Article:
Through our work in campaigns that encourage vaccinations and mask-wearing, and help brands take a clear and vocal stance on racial equality and other social issues as part of their value system, we have guided and supported our clients through these scenarios. We have worked and grown past these dangerous influences on their platforms and have advised them on how to deal with the social media terrorists that may find themselves on their channels. Here are some of our key suggestions.
One area where there is a lot of new language is in the types of social violence. The first step is to identify the type of violence being experienced. Whether it be doxing, hate speech, sexual harassment, message bombing, impersonation, or threats of violence. For a detailed list, definitions, and examples go here.
For those managing social media accounts for brands, it is important to keep a document of any and all abuse or hostility, big or small, consumer, partner, coworker, or supervisor. This information is imperative should you ever need to share it with allies, employers, or law enforcement. Saving screenshots and audio messages will help support your point. Documentation is also crucial when identifying a pattern.
Block, Mute, Report, & Don’t Engage
Brand representatives need to remember that they control the platform and who gets to engage on it and have access to what is shared. Blocking an account means they cannot communicate with or follow you. You can sometimes mute accounts, specific posts, or words so you don’t have to see them. Lastly, it’s important to report social media terrorists so that at minimum their post is removed, and potentially their account suspended. Instead of engaging with social media terrorists, lean on your team and focus instead on maintaining an online environment that is safe and enjoyable for others.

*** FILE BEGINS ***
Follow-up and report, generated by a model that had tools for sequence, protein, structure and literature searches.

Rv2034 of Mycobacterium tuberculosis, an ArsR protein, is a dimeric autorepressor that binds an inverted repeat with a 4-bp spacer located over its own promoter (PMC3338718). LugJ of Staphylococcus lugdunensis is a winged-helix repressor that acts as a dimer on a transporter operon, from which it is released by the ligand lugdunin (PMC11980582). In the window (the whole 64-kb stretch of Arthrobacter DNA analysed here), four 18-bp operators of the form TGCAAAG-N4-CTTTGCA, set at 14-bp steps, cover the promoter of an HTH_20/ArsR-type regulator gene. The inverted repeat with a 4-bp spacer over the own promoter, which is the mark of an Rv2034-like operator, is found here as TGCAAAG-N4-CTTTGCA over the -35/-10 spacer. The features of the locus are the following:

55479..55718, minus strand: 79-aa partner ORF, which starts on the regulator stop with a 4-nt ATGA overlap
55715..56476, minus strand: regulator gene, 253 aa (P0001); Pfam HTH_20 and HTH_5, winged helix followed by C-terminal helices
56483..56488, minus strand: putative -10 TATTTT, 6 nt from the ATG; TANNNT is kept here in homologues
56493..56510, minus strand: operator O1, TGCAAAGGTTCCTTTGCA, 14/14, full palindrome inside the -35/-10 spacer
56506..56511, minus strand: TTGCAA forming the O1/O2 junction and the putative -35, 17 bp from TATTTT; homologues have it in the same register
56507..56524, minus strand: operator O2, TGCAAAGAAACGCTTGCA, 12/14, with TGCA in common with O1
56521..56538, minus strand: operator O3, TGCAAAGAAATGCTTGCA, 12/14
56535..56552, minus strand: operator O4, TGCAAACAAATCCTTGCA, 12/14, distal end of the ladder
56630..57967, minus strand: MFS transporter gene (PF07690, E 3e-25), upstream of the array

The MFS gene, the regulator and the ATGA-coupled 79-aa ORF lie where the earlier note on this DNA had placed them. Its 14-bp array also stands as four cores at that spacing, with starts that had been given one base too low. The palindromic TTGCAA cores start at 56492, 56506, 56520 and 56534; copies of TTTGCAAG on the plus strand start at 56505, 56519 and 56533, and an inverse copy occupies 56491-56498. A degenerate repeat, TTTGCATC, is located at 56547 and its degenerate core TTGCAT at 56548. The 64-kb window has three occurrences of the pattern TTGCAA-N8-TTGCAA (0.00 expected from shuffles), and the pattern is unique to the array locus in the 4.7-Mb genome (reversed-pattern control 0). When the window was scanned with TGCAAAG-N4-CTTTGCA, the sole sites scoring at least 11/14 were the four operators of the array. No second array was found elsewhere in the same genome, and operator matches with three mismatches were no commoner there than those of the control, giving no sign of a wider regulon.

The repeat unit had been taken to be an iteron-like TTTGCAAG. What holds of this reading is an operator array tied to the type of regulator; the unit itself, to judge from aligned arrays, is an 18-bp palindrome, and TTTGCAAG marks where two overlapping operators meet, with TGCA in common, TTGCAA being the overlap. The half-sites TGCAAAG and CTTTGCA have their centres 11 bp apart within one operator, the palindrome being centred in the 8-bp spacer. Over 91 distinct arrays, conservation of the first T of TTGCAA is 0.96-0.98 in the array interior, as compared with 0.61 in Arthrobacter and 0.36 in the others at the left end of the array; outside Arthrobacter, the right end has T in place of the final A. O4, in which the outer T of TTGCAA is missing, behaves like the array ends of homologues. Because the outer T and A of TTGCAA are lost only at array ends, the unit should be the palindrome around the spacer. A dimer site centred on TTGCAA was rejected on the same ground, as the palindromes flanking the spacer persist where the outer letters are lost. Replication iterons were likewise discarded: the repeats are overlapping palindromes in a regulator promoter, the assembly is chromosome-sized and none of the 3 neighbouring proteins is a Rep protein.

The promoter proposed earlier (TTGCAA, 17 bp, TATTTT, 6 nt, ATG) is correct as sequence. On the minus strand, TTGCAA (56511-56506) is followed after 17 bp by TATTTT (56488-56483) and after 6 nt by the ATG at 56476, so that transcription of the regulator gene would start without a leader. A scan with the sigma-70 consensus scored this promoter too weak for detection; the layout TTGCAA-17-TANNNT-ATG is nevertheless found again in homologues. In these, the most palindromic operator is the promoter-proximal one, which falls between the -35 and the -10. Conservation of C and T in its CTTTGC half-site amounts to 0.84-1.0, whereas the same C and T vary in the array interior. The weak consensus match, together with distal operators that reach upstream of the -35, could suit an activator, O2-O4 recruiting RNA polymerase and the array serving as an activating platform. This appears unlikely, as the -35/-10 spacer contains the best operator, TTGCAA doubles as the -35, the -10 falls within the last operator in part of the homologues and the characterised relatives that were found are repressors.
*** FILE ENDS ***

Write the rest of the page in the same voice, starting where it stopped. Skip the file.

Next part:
Secure a Support System
Sometimes the tools mentioned above aren’t effective enough to reduce social media violence. That’s when it’s necessary to have a support system of friends, allies, and colleagues to serve as witnesses and help track social media mentions and inform you of any escalation. This is especially helpful if you are blocked or muted.
We want to emphasize the importance of record-keeping, but also sharing what is happening with others. Sometimes the harassment and abuse is happening within the organization itself and being inflicted by a superior or someone with control over job security or other organizational aspects. These support systems can serve not only as witnesses, but on a very basic level can also comment positively on the content, make separate supportive statements, or are just be there to listen.